More than 100 children played games, lined up for balloon animals and snow cones, participated in the donut dangle —where they tried to eat donuts off a string — and took turns in an inflatable bounce house on July 13 in Cleveland’s Lincoln Park. Their laughter could be heard throughout the park, which is in the city’s Tremont neighborhood.
Overseeing the children — ages 5-13 — were about 50 staff members, counselors and junior counselors, all part of Augustine Rainbow Camp. The program is a ministry of St. Augustine Parish, located just across West 14th Street. The camp, which began in 1973, is open to all children, including those with disabilities.
Gerry Kasper, camp director, is in his 30th year with the program – the last 27 as director. Rainbow Camp operates for five weeks every summer, he said. Thanks to an arrangement with the city of Cleveland, campers can swim twice weekly in the park’s outdoor pool. They use the park and parish facilities for other activities. The camp day is 10 a.m. to 3 p.m.
On July 13, several members of the Diocesan Council of the Knights of Columbus were on hand for the camp’s annual “Day with the Knights.”
Knights Marty Huberty of Holy Family Parish in Parma Heights and Paul Mathieson of St. Clarence Parish in North Olmsted co-chaired the event. Ken Perk of St. Barnabas Parish in Northfield is the group’s president.
“We’ve been doing this event with Rainbow Camp for four years,” Huberty said.
Previously, the Knights had a similar event at Parmadale in Parma. “We did that event for 77 years until Parmadale closed,” Huberty said.
One of the Knights quipped that in 77 years, the K of C never won a softball game – the youngsters were always victorious. “And I never dropped so many balls in my life,” he added, laughing. The Knights said they enjoy the interaction with the children as much as the children enjoy the activities.
Huberty said after Parmadale closed, the Knights wanted to continue some sort of similar program, so they began looking around. Father Joe McNulty, St. Augustine’s pastor, invited them to work with Rainbow Camp for the special day and a new tradition began.
“The kids look forward to it,” said Renee Zorger, site director. She and Kasper are responsible for day-to-day operations of the camp. Zorger, a St. Augustine parishioner, lives in Fairview Park with her family. She works as an intervention specialist at St. Edward High School in Lakewood, teaching children with cognitive disabilities.
“The bounce house, snow cones, donut dangle and other activities are things we can’t do, so we appreciate the Knights providing these things. We operate a day camp on a shoestring budget,” she said. The Knights sponsor a fundraiser to assist with camp expenses. Zorger said their contributions and donations from other benefactors help provide necessary operational funds for the popular camp.
“We ask campers to pay something, but we never turn away a child who is unable to pay,” she said.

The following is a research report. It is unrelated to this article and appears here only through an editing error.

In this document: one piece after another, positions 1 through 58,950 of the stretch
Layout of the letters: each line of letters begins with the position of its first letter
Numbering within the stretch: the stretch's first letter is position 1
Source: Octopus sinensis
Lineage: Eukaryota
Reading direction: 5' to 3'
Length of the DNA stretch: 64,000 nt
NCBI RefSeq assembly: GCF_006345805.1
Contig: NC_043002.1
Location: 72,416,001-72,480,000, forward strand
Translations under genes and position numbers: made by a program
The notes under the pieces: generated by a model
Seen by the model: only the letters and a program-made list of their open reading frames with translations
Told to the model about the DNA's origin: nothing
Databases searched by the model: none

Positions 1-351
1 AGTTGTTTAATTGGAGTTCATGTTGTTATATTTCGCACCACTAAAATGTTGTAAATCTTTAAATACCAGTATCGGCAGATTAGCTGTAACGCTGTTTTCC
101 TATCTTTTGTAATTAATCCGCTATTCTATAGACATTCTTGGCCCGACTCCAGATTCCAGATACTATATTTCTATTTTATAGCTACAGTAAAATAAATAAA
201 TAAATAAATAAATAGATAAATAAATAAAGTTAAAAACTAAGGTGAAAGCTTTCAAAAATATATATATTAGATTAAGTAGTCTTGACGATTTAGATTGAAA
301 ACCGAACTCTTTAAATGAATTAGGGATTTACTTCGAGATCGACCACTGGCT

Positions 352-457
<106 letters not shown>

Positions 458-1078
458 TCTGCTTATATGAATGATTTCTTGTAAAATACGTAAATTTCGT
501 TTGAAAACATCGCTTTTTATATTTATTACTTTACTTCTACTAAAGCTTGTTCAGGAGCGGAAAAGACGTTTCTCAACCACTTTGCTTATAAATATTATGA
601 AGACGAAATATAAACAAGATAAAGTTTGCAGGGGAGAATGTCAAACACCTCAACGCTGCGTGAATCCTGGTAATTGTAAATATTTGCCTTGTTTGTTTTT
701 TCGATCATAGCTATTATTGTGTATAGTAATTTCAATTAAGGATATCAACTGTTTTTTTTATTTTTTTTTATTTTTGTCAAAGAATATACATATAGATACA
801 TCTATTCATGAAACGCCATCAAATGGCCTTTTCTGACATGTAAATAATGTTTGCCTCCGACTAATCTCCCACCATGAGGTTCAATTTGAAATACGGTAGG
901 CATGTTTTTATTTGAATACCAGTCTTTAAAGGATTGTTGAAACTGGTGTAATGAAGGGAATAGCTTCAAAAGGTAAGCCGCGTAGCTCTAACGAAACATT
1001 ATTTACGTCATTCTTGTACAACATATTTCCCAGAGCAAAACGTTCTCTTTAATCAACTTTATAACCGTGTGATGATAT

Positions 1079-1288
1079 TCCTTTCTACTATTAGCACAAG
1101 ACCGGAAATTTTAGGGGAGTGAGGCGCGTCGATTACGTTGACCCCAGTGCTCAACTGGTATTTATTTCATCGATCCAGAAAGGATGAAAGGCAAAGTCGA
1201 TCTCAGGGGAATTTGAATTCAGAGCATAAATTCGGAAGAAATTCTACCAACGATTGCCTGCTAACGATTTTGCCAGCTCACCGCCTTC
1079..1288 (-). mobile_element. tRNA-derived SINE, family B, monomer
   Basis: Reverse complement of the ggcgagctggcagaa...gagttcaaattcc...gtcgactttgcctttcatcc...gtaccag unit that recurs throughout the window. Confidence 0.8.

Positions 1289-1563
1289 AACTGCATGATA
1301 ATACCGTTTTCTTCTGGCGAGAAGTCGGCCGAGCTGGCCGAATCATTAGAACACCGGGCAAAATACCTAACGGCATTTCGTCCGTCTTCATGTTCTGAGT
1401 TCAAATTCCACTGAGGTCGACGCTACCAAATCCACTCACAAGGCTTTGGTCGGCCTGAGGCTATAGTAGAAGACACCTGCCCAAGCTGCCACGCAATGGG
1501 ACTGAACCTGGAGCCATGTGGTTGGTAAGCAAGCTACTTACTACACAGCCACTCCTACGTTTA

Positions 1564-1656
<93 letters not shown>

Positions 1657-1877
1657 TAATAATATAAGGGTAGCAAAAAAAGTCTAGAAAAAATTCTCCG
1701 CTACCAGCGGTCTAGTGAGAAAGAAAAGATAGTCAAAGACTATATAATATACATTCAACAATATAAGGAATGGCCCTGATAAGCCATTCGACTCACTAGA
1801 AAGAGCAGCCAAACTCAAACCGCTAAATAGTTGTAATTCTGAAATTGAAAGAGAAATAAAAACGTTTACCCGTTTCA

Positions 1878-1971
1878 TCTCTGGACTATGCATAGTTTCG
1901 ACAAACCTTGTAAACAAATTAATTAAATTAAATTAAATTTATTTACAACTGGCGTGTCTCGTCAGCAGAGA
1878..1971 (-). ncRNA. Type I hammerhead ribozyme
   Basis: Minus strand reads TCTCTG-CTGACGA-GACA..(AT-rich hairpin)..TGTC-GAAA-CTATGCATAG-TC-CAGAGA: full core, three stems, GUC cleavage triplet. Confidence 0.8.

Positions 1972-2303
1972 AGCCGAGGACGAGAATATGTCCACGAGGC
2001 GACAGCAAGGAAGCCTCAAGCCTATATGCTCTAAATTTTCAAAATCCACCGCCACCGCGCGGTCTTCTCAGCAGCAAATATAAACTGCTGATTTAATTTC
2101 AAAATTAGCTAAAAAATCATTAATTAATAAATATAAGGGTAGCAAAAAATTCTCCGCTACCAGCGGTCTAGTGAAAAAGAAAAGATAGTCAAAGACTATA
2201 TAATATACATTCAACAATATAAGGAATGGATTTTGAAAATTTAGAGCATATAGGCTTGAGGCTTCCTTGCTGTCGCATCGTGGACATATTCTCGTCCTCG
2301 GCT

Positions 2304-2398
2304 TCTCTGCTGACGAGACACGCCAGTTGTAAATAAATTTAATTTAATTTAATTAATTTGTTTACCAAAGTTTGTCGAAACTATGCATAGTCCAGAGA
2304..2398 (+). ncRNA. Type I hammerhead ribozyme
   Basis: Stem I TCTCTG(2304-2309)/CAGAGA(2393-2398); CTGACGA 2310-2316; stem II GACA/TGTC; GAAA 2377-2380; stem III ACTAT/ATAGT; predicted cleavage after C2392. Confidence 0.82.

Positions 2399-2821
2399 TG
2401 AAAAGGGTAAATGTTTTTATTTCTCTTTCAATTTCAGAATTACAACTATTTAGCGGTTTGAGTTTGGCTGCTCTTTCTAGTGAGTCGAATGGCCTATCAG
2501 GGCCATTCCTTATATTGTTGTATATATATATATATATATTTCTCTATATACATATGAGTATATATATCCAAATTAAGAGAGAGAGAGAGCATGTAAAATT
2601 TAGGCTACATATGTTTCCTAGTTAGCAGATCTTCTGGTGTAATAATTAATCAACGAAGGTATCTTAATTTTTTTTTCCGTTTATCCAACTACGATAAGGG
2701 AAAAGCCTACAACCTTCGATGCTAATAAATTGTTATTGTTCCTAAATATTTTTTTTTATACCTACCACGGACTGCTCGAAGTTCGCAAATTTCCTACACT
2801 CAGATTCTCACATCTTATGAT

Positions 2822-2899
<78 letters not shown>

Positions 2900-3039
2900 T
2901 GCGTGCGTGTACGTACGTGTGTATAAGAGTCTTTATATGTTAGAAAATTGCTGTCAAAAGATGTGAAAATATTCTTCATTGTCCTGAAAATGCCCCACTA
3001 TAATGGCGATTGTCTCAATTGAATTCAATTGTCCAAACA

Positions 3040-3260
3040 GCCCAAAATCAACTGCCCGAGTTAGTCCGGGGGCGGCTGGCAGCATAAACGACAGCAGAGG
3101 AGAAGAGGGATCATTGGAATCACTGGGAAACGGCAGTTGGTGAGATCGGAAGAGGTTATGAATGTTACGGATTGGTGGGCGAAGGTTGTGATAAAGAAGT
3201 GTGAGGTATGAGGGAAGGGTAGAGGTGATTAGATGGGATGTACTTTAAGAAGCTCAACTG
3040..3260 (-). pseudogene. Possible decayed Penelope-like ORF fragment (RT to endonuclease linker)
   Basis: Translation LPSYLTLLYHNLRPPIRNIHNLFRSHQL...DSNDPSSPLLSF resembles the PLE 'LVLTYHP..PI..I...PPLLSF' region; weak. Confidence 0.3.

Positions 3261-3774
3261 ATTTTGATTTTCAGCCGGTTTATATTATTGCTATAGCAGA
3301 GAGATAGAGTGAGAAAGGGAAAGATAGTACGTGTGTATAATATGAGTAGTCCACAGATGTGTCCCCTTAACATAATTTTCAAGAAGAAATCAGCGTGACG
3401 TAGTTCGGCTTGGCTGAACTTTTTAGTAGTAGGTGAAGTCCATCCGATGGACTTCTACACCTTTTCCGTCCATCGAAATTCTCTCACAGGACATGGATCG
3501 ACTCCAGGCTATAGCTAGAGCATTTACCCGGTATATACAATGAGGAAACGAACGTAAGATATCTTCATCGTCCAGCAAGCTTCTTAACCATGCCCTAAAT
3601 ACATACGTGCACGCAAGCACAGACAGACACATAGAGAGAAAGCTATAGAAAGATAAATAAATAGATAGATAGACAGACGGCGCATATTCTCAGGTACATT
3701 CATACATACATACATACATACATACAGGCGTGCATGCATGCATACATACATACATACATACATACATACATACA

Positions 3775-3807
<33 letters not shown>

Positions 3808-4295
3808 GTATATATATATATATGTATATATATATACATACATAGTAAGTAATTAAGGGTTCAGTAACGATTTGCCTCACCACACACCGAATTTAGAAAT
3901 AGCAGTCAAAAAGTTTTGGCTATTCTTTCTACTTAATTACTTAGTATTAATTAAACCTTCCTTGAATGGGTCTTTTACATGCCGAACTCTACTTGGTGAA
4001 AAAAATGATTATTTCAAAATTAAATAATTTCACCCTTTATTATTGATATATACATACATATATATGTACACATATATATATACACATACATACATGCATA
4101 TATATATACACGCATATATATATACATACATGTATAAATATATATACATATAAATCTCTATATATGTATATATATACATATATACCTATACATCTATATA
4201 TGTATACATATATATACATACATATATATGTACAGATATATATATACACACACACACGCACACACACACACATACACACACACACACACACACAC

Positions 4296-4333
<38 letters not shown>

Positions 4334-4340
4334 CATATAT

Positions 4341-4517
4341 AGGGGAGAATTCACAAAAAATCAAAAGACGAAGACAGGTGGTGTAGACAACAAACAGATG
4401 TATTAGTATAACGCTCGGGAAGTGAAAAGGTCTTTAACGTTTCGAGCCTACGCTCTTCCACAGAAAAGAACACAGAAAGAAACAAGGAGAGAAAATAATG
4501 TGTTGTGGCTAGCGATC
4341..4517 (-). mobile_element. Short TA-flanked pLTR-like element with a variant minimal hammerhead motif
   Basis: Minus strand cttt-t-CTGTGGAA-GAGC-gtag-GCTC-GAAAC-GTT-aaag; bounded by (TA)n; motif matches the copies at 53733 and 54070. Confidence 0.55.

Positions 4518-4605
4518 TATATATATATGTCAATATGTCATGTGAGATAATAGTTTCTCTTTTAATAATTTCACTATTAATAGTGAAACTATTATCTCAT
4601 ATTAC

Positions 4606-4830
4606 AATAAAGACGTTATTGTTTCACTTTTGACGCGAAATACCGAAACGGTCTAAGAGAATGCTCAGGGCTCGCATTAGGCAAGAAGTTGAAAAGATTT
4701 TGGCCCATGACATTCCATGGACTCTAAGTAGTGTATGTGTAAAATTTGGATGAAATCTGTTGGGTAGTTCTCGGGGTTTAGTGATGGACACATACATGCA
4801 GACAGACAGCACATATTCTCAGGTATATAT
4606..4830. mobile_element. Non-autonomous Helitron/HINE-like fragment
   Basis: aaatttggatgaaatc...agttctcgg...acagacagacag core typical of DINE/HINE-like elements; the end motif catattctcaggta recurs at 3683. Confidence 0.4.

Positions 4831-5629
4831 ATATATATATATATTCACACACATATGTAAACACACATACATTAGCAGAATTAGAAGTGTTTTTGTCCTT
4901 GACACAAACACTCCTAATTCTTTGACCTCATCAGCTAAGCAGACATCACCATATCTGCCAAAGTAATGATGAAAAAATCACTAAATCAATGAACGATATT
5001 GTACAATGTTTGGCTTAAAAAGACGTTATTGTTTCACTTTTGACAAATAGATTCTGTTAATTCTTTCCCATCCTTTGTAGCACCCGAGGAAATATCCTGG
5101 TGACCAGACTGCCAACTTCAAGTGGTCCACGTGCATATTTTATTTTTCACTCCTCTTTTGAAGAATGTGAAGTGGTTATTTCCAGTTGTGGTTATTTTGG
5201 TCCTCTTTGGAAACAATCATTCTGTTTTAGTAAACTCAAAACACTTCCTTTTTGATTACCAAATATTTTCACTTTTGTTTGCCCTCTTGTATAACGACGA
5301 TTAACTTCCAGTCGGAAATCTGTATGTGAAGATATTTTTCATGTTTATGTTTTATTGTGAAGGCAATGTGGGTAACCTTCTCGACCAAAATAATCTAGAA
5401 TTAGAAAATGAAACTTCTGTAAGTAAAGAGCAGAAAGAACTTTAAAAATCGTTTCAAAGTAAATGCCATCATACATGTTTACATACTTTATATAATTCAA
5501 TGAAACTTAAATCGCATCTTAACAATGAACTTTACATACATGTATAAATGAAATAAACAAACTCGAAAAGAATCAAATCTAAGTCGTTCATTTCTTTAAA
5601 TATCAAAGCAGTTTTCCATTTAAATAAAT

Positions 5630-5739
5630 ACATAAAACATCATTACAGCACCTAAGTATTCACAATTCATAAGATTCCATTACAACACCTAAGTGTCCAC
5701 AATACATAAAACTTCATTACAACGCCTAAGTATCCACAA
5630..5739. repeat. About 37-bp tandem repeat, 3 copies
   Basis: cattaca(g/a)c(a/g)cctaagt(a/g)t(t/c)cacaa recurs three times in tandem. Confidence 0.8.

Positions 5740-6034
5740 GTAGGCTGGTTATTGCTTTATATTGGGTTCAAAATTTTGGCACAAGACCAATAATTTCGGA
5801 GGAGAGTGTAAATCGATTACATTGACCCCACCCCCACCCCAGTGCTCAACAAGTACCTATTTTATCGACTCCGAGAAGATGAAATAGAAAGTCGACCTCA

Kasper said campers gather at 10 a.m. Monday through Friday for an assembly before beginning their daily activities. They are divided by age into 10 groups, each with a counselor. Junior counselors, who are 14 and 15 years old, learn job skills and are supervised by adult staff as they assist with groups of campers. Counselors, who also are supervised by adults, are 16 and older. Each age group of children is assigned a certain color T-shirt.The oldest group, wearing gold shirts, consists of 19 campers. Zorger said only two or three are new this year, with most of the campers having attended Rainbow Camp at least one year previously.
“We have a big return ratio,” she said, noting that about 75 percent of the campers have attended more than one year. There also is a long waiting list.
“By May, we had 180 signed up and our waiting list is about 50,” she said. “I wish we could take more but it’s just not plausible with our resources.” She said the program is spread by word of mouth and through the parish.
Zorger said there are special teachers who offer lessons in art, sports, healthy cooking and American Sign Language. Campers also take weekly field trips. “It’s a chance for the kids to unplug, to make new friends and to learn through play. It’s fun to watch them grow,” she said.
“Many of our counselors and staff once were campers,” she noted, mentioning one young woman she had as a 5-year-old camper who now is a counselor. “It was great to see her grow, give back and mature.”
Zorger said Rainbow Camp is in her blood. Sister Corita, program director for St. Augustine Parish, was her father’s second-grade teacher at St. Brendan School in North Olmsted many years ago. She bumped into him when he was a teenager and invited him to help out as a counselor at Rainbow Camp. It was there that he met her mother, who was hearing impaired. They married 36 years ago and have four children. When Zorger has her second child this fall, it will be their fourth grandchild. She said many family members work at the camp. Zorger has been associated with the camp for 15 years, starting as a junior counselor.
Kasper said there is a faith component to the camp with children praying before lunch. They also talk about God. And there’s a weekly newsletter to keep parents and guardians in the loop about camp news.
“It’s all about the kids and having fun,” said Huberty.
For more information on Rainbow Camp or to make a donation, call 216-781-5530 or visit staugustine-west14.org.
Information on the Knights of Columbus is available at kofc.org.